Morality in Games: Puritan or Satan
Morality is subjective and each person has their own interpretation, but it plays an integral role in the direction of our lives. It’s complicated, to say the least.
There are games that claim they present the user with moral dilemmas, that they force you to make difficult decisions and that those decisions affect the world around you. And this is true. There are games that offer the player decisions wherein they must choose right or wrong, but the options are extreme, often blown out of proportion and incomplete.
In Bioshock, a game that takes place in an underwater dystopia, you must decide whether to save or the Little Sisters, girls that harvest a special chemical, or kill them to take the chemical for yourself from their corpses. Basically, you have the option of cleansing them, or brutally murdering them. There is no in between.
This is the case with almost all games that offer moral choices. After you make choices between the two extremes, the game keeps a tally of good decisions versus evil ones, and this determines the way certain events play out. In fact, in most of these games even let you see your progress on some sort of spectrum between good and evil.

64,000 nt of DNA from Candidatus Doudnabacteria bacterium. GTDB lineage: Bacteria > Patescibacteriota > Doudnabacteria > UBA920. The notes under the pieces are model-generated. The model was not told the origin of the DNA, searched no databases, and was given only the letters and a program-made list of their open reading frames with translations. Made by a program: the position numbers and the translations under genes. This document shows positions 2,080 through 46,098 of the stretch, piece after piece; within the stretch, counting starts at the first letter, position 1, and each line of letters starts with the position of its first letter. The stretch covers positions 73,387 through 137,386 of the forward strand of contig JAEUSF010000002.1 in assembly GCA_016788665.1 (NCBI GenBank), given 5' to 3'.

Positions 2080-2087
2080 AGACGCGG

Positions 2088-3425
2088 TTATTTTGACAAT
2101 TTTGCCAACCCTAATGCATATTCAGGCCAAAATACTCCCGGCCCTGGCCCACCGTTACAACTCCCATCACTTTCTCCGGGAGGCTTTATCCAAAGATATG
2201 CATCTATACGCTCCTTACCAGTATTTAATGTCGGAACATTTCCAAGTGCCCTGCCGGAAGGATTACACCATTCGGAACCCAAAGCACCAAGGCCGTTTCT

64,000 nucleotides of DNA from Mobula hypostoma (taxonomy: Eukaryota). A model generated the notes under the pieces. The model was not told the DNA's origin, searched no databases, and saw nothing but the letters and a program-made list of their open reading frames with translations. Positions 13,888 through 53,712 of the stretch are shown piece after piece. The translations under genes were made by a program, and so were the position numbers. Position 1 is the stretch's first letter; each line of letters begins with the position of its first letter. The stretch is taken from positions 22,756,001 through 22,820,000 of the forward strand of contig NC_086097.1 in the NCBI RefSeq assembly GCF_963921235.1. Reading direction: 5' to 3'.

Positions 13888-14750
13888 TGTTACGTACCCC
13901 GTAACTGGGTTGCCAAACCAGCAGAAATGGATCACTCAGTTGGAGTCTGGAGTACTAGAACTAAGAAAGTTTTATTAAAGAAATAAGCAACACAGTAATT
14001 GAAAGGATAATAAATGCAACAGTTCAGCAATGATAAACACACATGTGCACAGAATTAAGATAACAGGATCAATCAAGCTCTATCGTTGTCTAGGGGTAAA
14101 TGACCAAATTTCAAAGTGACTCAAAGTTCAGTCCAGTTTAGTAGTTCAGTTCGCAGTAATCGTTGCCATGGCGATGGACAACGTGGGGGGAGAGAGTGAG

This standard of gaming has existed essentially since games started offering players a moral choice, and it has not evolved along with the other aspects of the gaming world.
First of all, give players a harder decision. Good or evil are not always black and white in real life, and consequences usually extend well beyond moral decisions. Some decisions that seem good turn out wrong, and some things that seem wrong turn out well. Gaming scenarios should reflect this, giving you situations that really make you think about your actions.
Next, the bar has to go. Measuring morality in one dimension is not acceptable, because morality is multi-dimensional. People aren’t just good or evil. They have layers, and a multitude of complex reasons behind their decisions. Some bad decisions are made for good reasons, and a simple bar can’t accurately represent that.
Lastly, moral choices should not exist as a gimmick. They should be the mechanism around which the game is based, because if developers wanted to put power in the hands of the gamer, they would let them make their own moral judgments instead of only offering two choices.
Obviously it is impossible to supply the necessary amount of decisions to reflect a real moral dilemma, since the possibilities in real life are limitless and your world is contained on a disk. Contained in those millions of tiny ones and zeros, though, there should be more than just two choices.
For more in-depth coverage and discussion forum about the topic visit Cameron’s blog.
By Cameron Simek